Welcome to my newest weekly column, New Technology! The idea of this column is to go through interesting and unusual card choices that were played in tournaments the past week, explaining why they were there and whether I think they’re actually good or not. This is basically a “pilot,” so any feedback on whether you like this column or not or how you think it could be improved is very welcome.

Fleecemane Lion in the Sideboard of Abzan Control

Fleecemane Lion by itself is not a surprising card—it is, in fact, quite a common card in Abzan. What’s new about it is that everyone had Fleecemane Lion in their sideboards, whereas they used to be found in the main deck or not at all. Brad Nelson, Alex Majlaton, and Chris Fennell all Top 8’d GP Memphis with similar Abzan Control builds featuring four Fleecemane Lions in the sideboard, and Chris Fennell cited Fleecemane Lion as his MVP sideboard card. Here’s Brad’s list for reference:

The format right now might be a bit hostile to Fleecemane Lions, but the cards that are usually good against Lion—Lightning Strike and Bile Blight—are very poor against this deck as a whole, and will generally be sided out. As a result, Lion becomes a powerful game two threat, letting you apply pressure as early as turn two in a matchup where they might expect you to be more reactive. Since you already run some aggressive cards, like Siege Rhino, it’s very easy for you to “switch gears” and go aggressive—it’s much different than siding in a random creature in your UB control deck, for example. If that plan fails, however, Lion also lets you play the long game, presenting a very resilient threat on its own. I expect Fleecemane Lions to be present in most Abzan Control sideboards from now on.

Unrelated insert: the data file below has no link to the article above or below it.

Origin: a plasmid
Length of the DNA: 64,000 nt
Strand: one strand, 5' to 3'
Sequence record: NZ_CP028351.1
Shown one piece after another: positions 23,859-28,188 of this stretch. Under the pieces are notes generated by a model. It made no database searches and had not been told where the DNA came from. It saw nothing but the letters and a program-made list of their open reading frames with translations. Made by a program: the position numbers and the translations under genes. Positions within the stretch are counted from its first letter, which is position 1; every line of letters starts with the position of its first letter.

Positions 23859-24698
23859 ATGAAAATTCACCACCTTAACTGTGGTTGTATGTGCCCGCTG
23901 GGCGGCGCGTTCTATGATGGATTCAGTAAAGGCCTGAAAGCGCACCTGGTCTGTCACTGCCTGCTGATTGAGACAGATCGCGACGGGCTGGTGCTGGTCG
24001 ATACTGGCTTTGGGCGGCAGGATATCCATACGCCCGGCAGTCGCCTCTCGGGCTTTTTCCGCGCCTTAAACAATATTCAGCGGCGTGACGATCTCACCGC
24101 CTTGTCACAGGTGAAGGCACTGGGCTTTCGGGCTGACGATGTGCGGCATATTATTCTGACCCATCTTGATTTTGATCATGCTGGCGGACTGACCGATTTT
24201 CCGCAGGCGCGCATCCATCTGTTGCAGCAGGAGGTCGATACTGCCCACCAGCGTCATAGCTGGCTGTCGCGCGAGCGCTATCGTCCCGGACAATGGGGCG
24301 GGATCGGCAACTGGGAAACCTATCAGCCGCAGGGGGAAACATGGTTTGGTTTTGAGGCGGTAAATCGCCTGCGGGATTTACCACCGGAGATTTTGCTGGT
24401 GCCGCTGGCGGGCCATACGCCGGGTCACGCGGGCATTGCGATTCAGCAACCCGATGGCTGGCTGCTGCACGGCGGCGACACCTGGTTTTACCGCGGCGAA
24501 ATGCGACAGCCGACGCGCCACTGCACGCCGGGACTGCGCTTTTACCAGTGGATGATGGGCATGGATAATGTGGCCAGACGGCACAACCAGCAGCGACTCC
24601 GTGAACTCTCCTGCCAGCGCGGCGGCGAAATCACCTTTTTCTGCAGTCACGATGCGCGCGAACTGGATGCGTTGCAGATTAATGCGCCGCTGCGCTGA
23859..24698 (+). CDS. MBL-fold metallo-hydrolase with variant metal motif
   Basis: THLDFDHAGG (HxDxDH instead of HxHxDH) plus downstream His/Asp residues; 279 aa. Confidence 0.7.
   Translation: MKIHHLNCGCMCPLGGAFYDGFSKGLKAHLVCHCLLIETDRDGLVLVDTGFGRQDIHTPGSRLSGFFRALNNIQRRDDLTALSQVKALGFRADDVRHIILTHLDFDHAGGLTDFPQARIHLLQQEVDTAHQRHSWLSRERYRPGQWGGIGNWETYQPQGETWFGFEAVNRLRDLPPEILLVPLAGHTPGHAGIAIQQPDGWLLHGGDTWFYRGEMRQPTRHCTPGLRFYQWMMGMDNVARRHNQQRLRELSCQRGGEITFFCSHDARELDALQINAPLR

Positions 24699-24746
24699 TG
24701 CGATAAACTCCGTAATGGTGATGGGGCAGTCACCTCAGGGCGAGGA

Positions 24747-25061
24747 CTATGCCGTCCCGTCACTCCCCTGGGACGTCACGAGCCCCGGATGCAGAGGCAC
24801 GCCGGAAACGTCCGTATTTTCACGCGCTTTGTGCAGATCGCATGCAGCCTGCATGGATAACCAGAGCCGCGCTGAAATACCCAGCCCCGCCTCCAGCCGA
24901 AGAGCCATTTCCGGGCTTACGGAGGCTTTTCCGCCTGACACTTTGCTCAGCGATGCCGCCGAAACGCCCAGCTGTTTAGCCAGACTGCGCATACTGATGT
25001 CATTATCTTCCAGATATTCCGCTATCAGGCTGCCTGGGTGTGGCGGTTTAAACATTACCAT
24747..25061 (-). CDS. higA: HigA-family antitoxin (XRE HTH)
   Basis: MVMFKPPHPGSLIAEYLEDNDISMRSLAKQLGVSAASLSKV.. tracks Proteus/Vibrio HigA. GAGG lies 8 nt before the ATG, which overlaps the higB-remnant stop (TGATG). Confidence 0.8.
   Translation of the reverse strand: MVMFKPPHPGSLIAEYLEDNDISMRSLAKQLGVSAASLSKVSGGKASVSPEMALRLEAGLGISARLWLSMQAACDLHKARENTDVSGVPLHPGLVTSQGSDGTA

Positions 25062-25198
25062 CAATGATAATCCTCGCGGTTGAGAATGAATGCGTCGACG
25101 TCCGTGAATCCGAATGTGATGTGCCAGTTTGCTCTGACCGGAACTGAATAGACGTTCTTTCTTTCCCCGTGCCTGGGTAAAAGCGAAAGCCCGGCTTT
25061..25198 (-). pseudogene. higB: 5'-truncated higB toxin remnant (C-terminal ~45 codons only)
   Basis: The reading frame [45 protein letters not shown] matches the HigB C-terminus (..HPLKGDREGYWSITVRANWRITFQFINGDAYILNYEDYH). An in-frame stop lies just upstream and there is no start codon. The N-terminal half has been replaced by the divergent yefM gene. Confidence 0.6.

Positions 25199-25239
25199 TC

Mastery of the Unseen

When UB Control first showed up in our Standard format, it ran four copies of Perilous Vault, which meant you couldn’t just jam non-creature permanents in the hopes of beating their sweeper. Nowadays we have the more efficient Crux of Fate, which creates room for what are traditionally good cards against wrath effects—artifacts, planeswalkers, and enchantments—to shine again.

Outpost Siege is one of those cards, and we’ve been seeing it in almost every red deck as a way to beat UB in the long game since it’s immune to Hero’s Downfall. Mastery of the Unseen is another, and that is quite new. Ben Stark ran both in his RW deck:

Mastery of the Unseen provides a constant source of threats which can be be “cast” instant speed. If someone wants to overrun you with spot removal and other 1-for-1 answers, then Mastery will make sure they don’t do it. If you ever do get to unmorph something sweet then that’s pretty good for you, but I don’t think it’s necessary for the card to be good.

Curse of Death’s Hold in Junk’s Sideboard

Night of Souls’ Betrayal is a very powerful card that no one can play because it hoses, well, everybody. If you are in the market for 5-mana cards, however, you can play its one-sided, expensive cousin Curse of Death’s Hold, and that’s exactly what Florian Koch did in the Top 8 of GP Vancouver:

If you resolve Curse of Death’s Hold, it should be game over against Infect—normal versions of the deck can never beat it. Affinity basically needs to have a Ravager out already and, if you can kill that and whatever it modulars onto, then they also very likely cannot win the game. Twin needs to remove it, as it kills Pestermite and it makes Deceiver Exarch have 0 power. Even in the mirror it could potentially be good as a trump against Lingering Souls and mana guys if they are playing the ChannelFireball versions.

Overall Curse of Death’s Hold has a lot of potential, and I really like it as a 1-of. It’s expensive, but it’s incredibly powerful, and your deck has a lot of cheap interaction to make sure you reach five mana, at which point you basically win the game. If you have mana guys, I could even see playing a second, since it’s so good when it’s good.